I was determined to find out.

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hand in water

1/ Prologue: The Thing She Needed

This month marks the one-year anniversary of when Jen Hatmaker publicly came out as gay-affirming. You may remember the shock waves her interview with Jonathan Merritt sent throughout evangelical circles last October; I sure do.

I was one of many who felt confused and frankly a little bit betrayed; as an enthusiastic fellow Jesus-follower and all-around JH fan girl (she had me at “Worst End of School Year Mom Ever”), I could not wrap my head around how a person of faith whom I admired and had learned so much from could arrive at an unbiblical conclusion that homosexuality was okay, much less call it “holy” as she did in her interview. If you were born and raised in the church like I was, then you probably know that the Bible is very clear about the sin of homosexuality; we don’t say it out loud, but in this culture, being gay is about the worst thing you can be. This is just what we had always been taught. And as an adult who hadn’t really ever studied it for myself, it wasn’t hard to Google, “is homosexuality a sin?” and find numerous writings that point to a handful of verses from the Old and New Testament which speak of homosexuality in an unmistakably negative way. There it is, clear as mud. So Jen……. WHY? HOW? It made no sense to me. I remember talking about it with my husband and we figured that maybe her big heart was just so big and tender that it was hard for her to speak the truth about this difficult subject, and somewhere along the way, perhaps she had been deceived into believing that this actually was okay. (Apple + serpent, anyone?) It must be difficult to stay grounded with the pressures of a career like hers, especially with a growing liberal audience, so I wasn’t exactly mad at her. But I do remember being let down.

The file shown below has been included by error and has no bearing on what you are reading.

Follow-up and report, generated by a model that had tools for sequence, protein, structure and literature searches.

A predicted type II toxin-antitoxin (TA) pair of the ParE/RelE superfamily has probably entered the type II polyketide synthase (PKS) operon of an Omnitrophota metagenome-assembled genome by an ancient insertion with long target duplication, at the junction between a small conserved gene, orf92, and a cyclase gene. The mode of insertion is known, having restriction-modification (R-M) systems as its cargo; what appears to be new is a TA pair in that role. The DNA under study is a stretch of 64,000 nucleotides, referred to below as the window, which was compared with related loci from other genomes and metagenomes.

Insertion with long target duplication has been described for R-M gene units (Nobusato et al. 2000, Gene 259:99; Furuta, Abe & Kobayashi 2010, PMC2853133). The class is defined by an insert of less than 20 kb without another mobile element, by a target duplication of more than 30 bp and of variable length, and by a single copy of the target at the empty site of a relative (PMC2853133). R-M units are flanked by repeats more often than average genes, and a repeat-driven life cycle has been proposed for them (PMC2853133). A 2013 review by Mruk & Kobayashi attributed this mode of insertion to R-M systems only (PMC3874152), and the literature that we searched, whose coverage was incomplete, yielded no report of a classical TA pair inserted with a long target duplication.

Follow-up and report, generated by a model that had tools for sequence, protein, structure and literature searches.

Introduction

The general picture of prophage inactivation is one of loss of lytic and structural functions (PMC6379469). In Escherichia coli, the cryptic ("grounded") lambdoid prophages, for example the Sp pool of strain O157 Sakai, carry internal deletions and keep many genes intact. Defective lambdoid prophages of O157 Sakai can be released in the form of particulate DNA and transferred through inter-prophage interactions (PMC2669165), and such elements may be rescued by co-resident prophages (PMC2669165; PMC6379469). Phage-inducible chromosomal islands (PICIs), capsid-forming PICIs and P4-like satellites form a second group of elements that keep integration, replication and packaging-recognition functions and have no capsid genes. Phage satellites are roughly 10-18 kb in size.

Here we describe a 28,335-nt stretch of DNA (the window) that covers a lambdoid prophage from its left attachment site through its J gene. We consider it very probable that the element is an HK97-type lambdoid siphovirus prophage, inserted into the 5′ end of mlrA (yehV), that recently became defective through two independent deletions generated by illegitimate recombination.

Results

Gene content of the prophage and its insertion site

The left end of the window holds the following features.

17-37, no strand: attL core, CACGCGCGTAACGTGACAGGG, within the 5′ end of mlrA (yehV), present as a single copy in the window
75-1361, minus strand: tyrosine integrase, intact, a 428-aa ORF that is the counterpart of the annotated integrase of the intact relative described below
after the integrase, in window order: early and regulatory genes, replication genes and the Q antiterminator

What I did not know at the time was that this interview – Jen’s confession – was preparing me: a few months after the interview, my 13-year-old daughter came out as gay. Suddenly this was no longer an issue I could critique from a distance; despite my shallow confidence on the matter, I had never been more lost about what to say or do. This was when I took my husband’s hand and embarked on a journey that would change us forever.


Nine months after my daughter’s coming out, nine of the most dreadful, painful months of my life, I am going to try out that ‘vulnerability’ thing everybody’s talking about and share some of my experiences and what I have learned – and unlearned – thus far. This may look like an invitation to debate (it’s not), it may look like I think I have all the answers (I for sure don’t); no, what I am committing to here is leaning in to my own fears and admitting things that scare me, things I’ve misunderstood, things that embarrass me, things I’m wrestling with, and asking God to redeem this work in the hope that other families like mine would have a soft place to land.

On the subject of leadership, NY Times Bestselling author Glennon Doyle recently wrote:

“Someone looks at the world and notices a hole in it. She thinks to herself, ‘This thing, this idea, this service, this kind of person should exist to fill that hole.’ She waits for a little while, thinking about that. And then she stops waiting and starts creating the thing herself. She becomes the person she was waiting for. She creates the thing she needed.”

This blog is for me, 9 months ago.